Tom Robinson’s journey to his role this year as Head of School began ten years ago as a visitor to the prep school when it was at Bentham. ‘I was wearing a bright red sweater and I really stood out – but I remember even today how quickly I felt comfortable. Within half an hour, I felt like I had been there for ages. I was made to feel so welcome.’

Tom is the first Head of School to also have been Head Boy at Sedbergh Prep, and it is also on the Fives courts, as Captain, that he remembers the enthusiasm and influence of his Cressbrook Housemaster Dr Hoskin.

He said: ‘I have great respect for Dr Hoskin. When I was Head Boy of the Prep School, there were many times when I needed advice, and he was someone who was always willing to offer his perspective and guidance, and I owe him a great deal for everything he did for me.

Tom is in Powell House and has experienced the shift in takeover from Mr Webster to Mr Seymour. “Mr Webster was a Powellian in every sense of the word.

He built such a strong foundation within the House and now Mr Seymour, who has taken on the baton, continues to take the House forward from strength to strength. Powell House has a feel that is difficult to put into words – we have a unity throughout all ages and I hope that never changes.”

Tom’s advice to new starters at Sedbergh School is to ‘stay true to yourself’. Pondering his biggest challenge since moving to the senior school, he says: “It is not so much a personal challenge, it is something that every Sedberghian grapples with.

You come here and it’s very easy to set about trying to please everyone in order to fit in. But I believe that you can’t be a true Sedberghian without staying true to yourself. It is about having the confidence to realise that you will be accepted for who you are.”

One of Tom’s first decisions as Head of School was to approach all nine Housemasters and Housemistresses to arrange to have lunch with the Year 9s. “On my first evening of being Head of School, I realised that knowing all the pupils is essential if I am to represent them.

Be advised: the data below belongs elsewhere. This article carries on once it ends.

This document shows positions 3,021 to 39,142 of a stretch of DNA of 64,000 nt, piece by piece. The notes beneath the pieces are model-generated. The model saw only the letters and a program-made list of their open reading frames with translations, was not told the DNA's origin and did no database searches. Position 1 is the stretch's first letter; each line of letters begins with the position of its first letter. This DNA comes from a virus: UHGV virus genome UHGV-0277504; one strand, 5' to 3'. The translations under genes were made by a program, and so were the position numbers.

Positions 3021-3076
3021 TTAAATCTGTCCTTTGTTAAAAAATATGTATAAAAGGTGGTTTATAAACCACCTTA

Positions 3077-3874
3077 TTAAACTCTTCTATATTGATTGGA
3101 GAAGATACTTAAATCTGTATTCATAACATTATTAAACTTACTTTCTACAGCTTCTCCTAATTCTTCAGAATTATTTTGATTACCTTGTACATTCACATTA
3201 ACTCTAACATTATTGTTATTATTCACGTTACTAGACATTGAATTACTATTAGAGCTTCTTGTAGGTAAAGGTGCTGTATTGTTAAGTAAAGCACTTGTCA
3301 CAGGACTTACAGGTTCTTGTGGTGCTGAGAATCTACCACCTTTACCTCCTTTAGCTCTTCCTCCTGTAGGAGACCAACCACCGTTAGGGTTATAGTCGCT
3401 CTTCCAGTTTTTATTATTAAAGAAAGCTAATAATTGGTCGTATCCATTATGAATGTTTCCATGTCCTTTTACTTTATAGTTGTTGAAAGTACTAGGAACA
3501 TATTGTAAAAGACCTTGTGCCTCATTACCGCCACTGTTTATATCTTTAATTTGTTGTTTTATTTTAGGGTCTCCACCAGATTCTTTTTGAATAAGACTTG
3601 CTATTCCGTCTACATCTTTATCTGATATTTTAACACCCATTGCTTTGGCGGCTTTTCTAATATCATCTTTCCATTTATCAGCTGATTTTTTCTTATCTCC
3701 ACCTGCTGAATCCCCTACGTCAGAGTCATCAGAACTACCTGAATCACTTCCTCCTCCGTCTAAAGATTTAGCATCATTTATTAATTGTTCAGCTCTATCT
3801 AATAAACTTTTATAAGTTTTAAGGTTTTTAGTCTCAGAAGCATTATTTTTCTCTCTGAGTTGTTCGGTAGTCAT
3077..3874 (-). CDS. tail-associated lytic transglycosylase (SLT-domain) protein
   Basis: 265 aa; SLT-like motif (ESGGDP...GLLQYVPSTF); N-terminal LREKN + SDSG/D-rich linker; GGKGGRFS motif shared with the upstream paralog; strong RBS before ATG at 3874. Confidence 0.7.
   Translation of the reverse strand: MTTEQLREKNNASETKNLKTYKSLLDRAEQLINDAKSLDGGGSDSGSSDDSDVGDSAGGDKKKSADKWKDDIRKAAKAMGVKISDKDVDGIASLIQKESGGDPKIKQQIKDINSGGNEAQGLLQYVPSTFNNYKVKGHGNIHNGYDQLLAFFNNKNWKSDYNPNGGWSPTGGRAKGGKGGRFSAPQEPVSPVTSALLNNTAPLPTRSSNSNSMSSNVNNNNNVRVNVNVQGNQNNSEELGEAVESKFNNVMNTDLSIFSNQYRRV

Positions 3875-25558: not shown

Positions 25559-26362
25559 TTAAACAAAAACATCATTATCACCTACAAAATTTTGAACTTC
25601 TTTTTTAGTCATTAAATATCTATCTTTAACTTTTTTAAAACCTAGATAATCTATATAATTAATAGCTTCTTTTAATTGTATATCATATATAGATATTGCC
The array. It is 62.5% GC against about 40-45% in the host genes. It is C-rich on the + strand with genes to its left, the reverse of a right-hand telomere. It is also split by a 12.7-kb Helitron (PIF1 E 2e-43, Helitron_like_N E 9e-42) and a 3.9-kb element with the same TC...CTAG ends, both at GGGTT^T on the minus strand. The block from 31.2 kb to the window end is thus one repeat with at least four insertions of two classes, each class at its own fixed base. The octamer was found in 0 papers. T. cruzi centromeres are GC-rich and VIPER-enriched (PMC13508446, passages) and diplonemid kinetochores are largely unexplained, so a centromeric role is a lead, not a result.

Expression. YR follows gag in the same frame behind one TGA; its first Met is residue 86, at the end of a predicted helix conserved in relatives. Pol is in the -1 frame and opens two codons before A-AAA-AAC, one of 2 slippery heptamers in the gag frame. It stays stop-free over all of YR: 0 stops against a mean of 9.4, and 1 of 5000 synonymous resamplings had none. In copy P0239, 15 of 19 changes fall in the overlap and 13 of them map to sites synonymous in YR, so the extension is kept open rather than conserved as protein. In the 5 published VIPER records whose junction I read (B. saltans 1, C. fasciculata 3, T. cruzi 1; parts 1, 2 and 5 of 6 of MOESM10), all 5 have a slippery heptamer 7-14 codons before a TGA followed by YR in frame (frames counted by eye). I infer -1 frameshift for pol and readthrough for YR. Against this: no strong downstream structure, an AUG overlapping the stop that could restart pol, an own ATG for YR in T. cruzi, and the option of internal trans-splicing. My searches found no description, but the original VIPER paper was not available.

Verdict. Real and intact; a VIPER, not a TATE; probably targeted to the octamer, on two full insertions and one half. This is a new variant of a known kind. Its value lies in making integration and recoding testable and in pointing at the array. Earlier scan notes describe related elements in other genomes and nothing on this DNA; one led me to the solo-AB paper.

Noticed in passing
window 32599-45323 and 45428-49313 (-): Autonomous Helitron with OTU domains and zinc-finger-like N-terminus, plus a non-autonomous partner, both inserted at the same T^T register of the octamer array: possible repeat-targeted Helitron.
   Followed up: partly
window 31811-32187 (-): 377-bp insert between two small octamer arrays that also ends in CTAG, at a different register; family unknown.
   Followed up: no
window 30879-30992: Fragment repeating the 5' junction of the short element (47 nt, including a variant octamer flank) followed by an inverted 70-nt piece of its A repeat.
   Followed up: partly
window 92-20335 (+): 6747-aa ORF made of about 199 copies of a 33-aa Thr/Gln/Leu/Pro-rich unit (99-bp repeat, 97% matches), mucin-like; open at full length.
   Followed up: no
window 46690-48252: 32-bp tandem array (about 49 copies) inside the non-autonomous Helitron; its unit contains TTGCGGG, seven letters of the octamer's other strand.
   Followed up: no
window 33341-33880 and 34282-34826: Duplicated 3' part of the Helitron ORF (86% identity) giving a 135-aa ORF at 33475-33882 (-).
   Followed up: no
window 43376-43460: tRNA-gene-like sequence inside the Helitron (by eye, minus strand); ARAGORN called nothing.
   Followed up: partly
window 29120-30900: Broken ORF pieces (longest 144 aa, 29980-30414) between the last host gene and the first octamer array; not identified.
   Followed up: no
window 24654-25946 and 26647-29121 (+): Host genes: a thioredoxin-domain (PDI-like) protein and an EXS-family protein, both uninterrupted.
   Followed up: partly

I think that we have to keep up certain traditions and one of those is cultivating the respect that younger pupils have for the older pupils, and the consciousness that older pupils need in order to be good role models.”

Tom’s involvement in school life is varied – he plays piano to Grade 6, is Captain of Fives, Squadron Leader of the RAF section, a member of the Choral Society and Chapel Choir, Captain of the Third XV, Secretary of TGI and President of the School of Athens.

His aspirations after taking A2 English, Philosophy and Economics is to take a Gap year at a boarding school in Vancouver and then to study Law, hopefully at Durham University.

One memory, in particular, that Tom vividly remembers at Sedbergh was his first Remembrance Day Service. “It was an emotional day on many levels. The service itself was beautiful and reflective, and the crisp, autumnal day made it all that more special.

It was followed, the next year, by my visit to the Battlefields and to RAF Valley in Anglesey, where Price William is based. At RAF Valley, I held the Victoria Cross awarded to an Old Sedberghian and that was a moment I will never forget. It is an extremely proud moment for me to be Head of School and Head of the RAF Squadron in this Centenary year of First World War commemorations.

I hope that during my year in this role, I am seen as someone who is approachable, regardless of gender or age. I want to lead by example and set the tone for all pupils. I have a fantastic prefect body behind me, and I am very lucky to have such a supportive Deputy Head in Alex Porter.”

Headmaster Andrew Fleck said: “Tom has been a popular choice amongst staff and pupils. He is a Sedberghian through and through; an enthusiastic 2nd XI cricketer and member of the 3rd XV, he is a chorister and excellent student.

Most of all has a clear moral compass and is measured in his judgement. This has earned him widespread respect and marked him out for the role.”

Tom’s former Housemaster Dr Hoskin said: “I have the highest regard for Tom; he maintained exemplary standards as Head of SJS (2009-10) and proved himself to be utterly dependable as a House Prefect.

Tom’s deep-rooted Christian values were admirable and I recall numerous occasions when he stood up for what was morally right. Tom was an all-rounder in the truest sense and his name adorns the House boards. The only chink in Tom’s armoury, which I am certain he will readily admit to, was his inability to bat against my off-spin bowling!”

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